Part 4: Are Agency Org Charts Undermining Collaboration?
Posted on March 31, 2014
Over the past two months, I’ve been releasing a series of posts to stimulate reflection on traditional full-service agency organization structure and whether it is the best way to deliver client value in the future. The theme being that most full-service agencies are organized into production silos with separate Directors and P&Ls such that collaboration becomes difficult when competing interests collide.
This is the fourth in a 5-part series to examine each of what I believe are fatal flaws in the traditional full-service agency organization structure, from a client (CMO) perspective. In this post, I’m going to tackle the issue of collaboration for results.
The illustration I’ll use is a familiar one: team sports. There have been examples throughout sports history of collections of great players that failed to win while collections of average players achieved great things. This has been seen in Olympic basketball (collapse of US Team in 2004) or the failure of the Dallas Cowboys to win a playoff game from 1996-2010 and many other examples. Nothing brings teams closer together than a shared goal and working together unselfishly to achieve it.
Departmental Reward Systems Can Backfire
Agency production silos do not emphasize a shared goal across different departments. Sure, a web designer and PPC analyst working in separate departments wants to “keep the client happy” but what is often missing is “how” to make the client happy — business results. Seldom do businesses extract their optimal results when individual production teams are focused on their own goals and agendas. Let me clarify that I do believe in individual accountability (I wouldn’t hold my email marketing analyst responsible for a mistake by the PPC analyst), however, blended reward systems can deliver positive results while instilling healthy cultural norms.
When individual departments are seen as succeeding while others are struggling (particularly if the successful departments are receiving substantial rewards and public accolades) resentment can form among the under-performing department staff. What’s even worse is if a class system develops where some departments become elitist in how they view the contributions of others. No, I’m not advocating some sort of socialistic system — but there are ways to balance performance incentives within the context of the agency enjoying success (not just departments within the agency.)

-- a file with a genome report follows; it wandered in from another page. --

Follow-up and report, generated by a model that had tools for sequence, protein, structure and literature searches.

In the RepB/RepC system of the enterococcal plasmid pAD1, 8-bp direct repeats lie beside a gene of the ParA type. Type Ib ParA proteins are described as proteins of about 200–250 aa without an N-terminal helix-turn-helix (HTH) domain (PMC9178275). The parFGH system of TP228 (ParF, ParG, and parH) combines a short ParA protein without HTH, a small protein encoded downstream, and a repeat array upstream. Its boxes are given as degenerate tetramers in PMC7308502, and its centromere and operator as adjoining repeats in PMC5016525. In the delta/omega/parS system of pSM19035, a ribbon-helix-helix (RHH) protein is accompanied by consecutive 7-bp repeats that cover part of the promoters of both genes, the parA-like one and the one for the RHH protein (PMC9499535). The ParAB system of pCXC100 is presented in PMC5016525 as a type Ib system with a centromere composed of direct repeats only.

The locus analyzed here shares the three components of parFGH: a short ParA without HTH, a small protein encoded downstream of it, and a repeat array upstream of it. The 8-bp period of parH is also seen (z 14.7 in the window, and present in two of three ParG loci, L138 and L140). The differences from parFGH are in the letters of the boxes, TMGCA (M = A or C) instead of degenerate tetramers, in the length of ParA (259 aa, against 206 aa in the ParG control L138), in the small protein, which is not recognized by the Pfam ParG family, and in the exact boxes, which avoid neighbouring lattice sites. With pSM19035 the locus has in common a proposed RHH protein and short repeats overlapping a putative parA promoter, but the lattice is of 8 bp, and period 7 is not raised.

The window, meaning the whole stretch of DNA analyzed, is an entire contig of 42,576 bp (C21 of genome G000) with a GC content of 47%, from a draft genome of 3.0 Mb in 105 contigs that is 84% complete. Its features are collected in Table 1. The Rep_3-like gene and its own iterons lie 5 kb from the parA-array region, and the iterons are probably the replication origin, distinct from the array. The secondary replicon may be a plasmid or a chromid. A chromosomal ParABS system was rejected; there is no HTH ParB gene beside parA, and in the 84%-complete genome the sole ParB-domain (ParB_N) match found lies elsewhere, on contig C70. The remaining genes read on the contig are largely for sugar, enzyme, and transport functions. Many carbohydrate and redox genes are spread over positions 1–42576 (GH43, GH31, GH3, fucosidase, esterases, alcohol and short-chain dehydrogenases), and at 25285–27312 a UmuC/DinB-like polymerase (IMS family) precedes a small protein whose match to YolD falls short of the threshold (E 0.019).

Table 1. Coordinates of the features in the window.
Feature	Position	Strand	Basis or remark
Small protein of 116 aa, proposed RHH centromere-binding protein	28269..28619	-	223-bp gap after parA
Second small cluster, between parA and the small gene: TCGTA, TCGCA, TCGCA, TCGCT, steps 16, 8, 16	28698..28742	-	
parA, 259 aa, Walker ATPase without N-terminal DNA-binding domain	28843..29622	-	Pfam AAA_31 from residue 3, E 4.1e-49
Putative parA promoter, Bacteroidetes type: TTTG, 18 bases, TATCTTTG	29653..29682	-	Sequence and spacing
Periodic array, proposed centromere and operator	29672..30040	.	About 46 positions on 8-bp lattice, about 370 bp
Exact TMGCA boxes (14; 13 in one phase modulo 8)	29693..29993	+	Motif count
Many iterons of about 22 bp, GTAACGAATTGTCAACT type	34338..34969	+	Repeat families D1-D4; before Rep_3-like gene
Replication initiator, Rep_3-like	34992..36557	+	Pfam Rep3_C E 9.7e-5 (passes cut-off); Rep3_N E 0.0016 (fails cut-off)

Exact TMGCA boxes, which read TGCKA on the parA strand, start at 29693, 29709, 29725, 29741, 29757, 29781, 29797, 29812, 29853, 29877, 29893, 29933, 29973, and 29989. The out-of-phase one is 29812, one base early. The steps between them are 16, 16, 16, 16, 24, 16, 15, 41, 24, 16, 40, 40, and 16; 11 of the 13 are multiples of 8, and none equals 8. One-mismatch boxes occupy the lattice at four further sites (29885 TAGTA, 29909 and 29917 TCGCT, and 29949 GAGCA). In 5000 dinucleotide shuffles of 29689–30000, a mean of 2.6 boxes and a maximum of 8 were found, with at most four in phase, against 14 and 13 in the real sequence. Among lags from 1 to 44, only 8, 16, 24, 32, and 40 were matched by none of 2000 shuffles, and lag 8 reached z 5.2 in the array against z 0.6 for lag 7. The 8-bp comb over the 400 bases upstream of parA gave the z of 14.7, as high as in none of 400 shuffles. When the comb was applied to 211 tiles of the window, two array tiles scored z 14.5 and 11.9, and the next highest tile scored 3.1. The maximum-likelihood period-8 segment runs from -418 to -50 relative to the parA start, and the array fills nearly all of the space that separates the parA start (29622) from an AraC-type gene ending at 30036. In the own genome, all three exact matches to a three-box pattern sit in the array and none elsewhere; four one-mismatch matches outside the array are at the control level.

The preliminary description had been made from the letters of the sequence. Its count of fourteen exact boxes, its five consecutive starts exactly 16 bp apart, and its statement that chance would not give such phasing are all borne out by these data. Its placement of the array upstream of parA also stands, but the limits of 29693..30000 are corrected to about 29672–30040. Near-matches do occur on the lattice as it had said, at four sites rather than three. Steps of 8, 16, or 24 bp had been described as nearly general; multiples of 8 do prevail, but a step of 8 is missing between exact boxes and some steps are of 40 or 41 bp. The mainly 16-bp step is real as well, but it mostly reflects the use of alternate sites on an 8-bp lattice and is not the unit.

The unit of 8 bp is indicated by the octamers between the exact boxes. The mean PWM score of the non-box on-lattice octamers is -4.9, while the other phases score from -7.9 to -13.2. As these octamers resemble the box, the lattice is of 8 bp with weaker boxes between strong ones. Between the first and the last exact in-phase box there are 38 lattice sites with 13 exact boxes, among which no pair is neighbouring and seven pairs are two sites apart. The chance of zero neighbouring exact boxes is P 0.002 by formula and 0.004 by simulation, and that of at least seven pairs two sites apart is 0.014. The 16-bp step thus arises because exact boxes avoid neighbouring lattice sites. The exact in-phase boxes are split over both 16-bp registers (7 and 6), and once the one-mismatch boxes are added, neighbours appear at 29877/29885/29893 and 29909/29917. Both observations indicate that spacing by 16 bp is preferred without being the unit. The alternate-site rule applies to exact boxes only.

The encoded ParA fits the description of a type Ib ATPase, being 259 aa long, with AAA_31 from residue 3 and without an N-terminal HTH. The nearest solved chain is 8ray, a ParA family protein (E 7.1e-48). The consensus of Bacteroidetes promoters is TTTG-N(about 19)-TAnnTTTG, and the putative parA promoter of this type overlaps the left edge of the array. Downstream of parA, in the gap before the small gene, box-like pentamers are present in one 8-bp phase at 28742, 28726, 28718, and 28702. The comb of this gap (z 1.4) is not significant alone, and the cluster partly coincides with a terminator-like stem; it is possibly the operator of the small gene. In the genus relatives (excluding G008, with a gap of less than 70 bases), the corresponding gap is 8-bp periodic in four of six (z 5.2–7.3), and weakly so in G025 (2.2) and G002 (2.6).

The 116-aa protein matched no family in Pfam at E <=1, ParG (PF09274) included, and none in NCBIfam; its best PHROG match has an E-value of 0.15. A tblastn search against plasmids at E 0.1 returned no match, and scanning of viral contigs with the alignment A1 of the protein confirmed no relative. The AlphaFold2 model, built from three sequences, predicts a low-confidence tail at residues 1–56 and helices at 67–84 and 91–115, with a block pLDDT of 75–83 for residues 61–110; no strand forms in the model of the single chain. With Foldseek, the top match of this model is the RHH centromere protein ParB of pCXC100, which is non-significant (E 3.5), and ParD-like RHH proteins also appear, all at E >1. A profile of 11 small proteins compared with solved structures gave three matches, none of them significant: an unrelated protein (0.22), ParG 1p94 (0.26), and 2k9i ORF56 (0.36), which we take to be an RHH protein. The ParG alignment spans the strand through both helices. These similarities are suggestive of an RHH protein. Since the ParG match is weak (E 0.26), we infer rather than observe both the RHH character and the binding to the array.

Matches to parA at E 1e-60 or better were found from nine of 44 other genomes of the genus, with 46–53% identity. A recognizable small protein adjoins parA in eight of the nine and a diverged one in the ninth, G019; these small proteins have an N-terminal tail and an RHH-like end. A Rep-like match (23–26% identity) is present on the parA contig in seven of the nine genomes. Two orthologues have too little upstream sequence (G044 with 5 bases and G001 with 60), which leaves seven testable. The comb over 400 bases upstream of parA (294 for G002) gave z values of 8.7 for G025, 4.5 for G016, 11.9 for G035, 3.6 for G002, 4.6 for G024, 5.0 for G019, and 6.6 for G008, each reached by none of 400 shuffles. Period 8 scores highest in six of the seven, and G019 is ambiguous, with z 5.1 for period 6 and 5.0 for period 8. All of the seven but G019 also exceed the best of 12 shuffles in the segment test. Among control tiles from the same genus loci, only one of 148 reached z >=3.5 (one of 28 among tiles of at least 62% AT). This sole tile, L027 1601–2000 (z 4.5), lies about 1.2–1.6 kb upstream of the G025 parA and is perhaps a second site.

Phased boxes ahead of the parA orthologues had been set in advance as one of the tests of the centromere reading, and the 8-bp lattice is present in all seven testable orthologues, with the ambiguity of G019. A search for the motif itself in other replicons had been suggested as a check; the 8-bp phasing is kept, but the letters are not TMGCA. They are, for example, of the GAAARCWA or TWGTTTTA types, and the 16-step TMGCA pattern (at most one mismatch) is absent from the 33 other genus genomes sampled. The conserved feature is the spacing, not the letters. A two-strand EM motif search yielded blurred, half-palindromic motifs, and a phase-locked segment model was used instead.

Because unhappy clients don’t fire agency departments — they fire entire agencies. So that means that the agency should consider the importance of motivating individual departmental performance within the context of reaching overall client goals.
Adopt a Culture of Sharing
It’s not natural for people to share. Think about it — when babies are little do they say “mine” or do they voluntarily share their toys or ice cream? Parents must teach them to share because sharing is not in our nature. Similarly, many corporate cultures do not foster healthy attitudes toward sharing including information or credit for a job well done. Why? Because many people view life through a “zero sum gain” mentality that for someone else to gain, I must lose. Compensation and advancement systems in many organizations reinforce these norms by adopting “quartile” peer rating systems and other mechanisms by which to rate people against each for advancement or worse yet — layoffs. The result becomes a Darwinian scenario of survival of the fittest that results in self-serving behavior.
Rising Tides Raise All Boats
It might sound corny, but helping your peers succeed can ultimately help you succeed. If a web designer gets better content from the writers to act as a call-to-action and the SEO team creates better site optimization to achieve a page one Google SERP rank, then the website may perform better. So who wins and who loses in this scenario? Everyone wins — including the client. So if the web designer has ideas that can benefit the content writers or SEO team, why not collaborate? For each organization, the specific examples might look differently but promoting a culture of helping other succeed can deliver powerful results.
Cross-functional teams focused on shared client goals can be a powerful point of differentiation in the eyes of a client. If your organization is struggling to build a culture of sharing and collaboration, spend the time to root out why and involve a third-party facilitator if needed. Cultures don’t happen by accident, they are the result of behavioral norms being established and reinforced. Be intentional about building a culture collaboration thrives.